January 16, 2014
Heavy Drinking Linked To Premature Memory Decline
[ Watch the Video: Booze Really Does Kill Brain Cells ]
Middle-aged men who consume more than two alcoholic drinks per day may want to consider reducing how much beer, wine or spirits they drink, as a new study in the journal Neurology has found they are at risk for a premature decline in memory function. The study team did not see any significant premature cognitive decline for men who do not drink, ex- drinkers and light or moderate drinkers.
"Much of the research evidence about drinking and a relationship to memory and executive function is based on older populations," said study author Séverine Sabia, an epidemiologist at University College London. "Our study focused on middle-aged participants and suggests that heavy drinking is associated with faster decline in all areas of cognitive function in men."
In the study, researchers looked at data from more than 5,000 men and 2,000 women who were aged 45 to 69 when their participation began. Volunteers’ drinking habits were analyzed three times over a ten-year span. They were also asked to take tests on memory and executive function, which includes reasoning, task flexibility and problem-solving ability.
The study team discovered that heavy drinking men began to experience memory failures and cognitive decline between 18 months and six years earlier than the other participants. The researchers said they were unable to include enough women in the study to determine whether heavy drinking had the same effect on them.
"These latest results could serve as one more reason to stick to any new year's resolutions to cut back on alcohol,” Simon Ridley, head of research at the dementia research charity Alzheimer's Research UK told The Guardian. “Observational studies such as this can be important for identifying factors that may influence the risk of memory decline or disease, but it's difficult to pinpoint cause and effect with this type of research.”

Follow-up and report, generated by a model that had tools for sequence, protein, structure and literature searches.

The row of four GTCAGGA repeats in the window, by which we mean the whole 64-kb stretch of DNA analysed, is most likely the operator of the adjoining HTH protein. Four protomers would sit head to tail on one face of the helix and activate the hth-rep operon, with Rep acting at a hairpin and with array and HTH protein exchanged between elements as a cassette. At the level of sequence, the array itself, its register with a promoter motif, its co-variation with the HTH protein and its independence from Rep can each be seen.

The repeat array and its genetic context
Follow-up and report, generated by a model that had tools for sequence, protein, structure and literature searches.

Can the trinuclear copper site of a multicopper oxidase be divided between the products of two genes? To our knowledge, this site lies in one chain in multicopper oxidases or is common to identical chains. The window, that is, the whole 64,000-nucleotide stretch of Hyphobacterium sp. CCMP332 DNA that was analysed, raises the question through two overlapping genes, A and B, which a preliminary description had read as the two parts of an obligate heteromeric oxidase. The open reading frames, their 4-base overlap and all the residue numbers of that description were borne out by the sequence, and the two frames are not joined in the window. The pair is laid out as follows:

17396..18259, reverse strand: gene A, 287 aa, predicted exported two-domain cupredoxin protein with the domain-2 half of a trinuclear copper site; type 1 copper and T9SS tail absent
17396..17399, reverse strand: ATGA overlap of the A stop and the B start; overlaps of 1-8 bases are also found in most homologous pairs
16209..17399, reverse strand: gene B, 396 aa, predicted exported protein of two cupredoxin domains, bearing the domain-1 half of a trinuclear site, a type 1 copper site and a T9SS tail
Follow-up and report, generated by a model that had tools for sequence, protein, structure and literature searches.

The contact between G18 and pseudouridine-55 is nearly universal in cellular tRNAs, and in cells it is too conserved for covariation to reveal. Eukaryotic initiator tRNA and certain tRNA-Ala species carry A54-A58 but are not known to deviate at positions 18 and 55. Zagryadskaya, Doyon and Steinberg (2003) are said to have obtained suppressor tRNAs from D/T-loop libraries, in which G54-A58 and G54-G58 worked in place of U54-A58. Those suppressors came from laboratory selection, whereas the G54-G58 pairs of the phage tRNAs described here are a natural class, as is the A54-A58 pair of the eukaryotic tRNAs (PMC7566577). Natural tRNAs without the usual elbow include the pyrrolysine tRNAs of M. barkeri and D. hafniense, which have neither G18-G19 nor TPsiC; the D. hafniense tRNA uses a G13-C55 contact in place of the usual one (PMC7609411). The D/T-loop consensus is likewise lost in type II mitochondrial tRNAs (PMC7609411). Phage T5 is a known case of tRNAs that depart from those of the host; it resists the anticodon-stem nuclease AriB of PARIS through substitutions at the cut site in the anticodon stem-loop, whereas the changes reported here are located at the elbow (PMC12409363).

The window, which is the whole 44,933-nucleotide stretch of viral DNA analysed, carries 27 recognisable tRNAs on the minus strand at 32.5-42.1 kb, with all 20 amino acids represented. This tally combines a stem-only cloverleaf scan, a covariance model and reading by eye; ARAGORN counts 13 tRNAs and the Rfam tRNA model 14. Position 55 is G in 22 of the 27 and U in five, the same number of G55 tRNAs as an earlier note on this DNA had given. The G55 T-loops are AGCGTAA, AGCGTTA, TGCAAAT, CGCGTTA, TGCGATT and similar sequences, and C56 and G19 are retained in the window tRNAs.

"The people in this study did not have dementia but memory decline can be a precursor to dementia and understanding the risk factors for this decline could be important for preventing the condition,” Ridley said. "It's crucial to continue investing in research if we are to understand how to keep our brains healthy as we age and prevent the diseases that cause dementia.
"In the meantime, the best evidence suggests that in addition to not drinking to excess we can lower the risk of dementia by eating a healthy, balanced diet, keeping an eye on our blood pressure and weight, and taking regular exercise,” he suggested.
Another study published this week by Journal of Epidemiology and Community Health found that bartenders in UK clubs and pubs are routinely flouting laws intended to prevent further sales of alcohol to those who are already drunk. Preventing sales of alcohol to those who are already very drunk would ease the strain on public services and protect long term health, and should be a public health priority, according to the study’s authors.
The researchers based their conclusions on the results of a ‘sting’ in which student actors attempted to buy alcohol while pretending to be drunk in 73 randomly selected pubs, clubs and bars in one city in northwestern England. Four out of five attempts were successful and service rates were always high, irrespective of the day or time.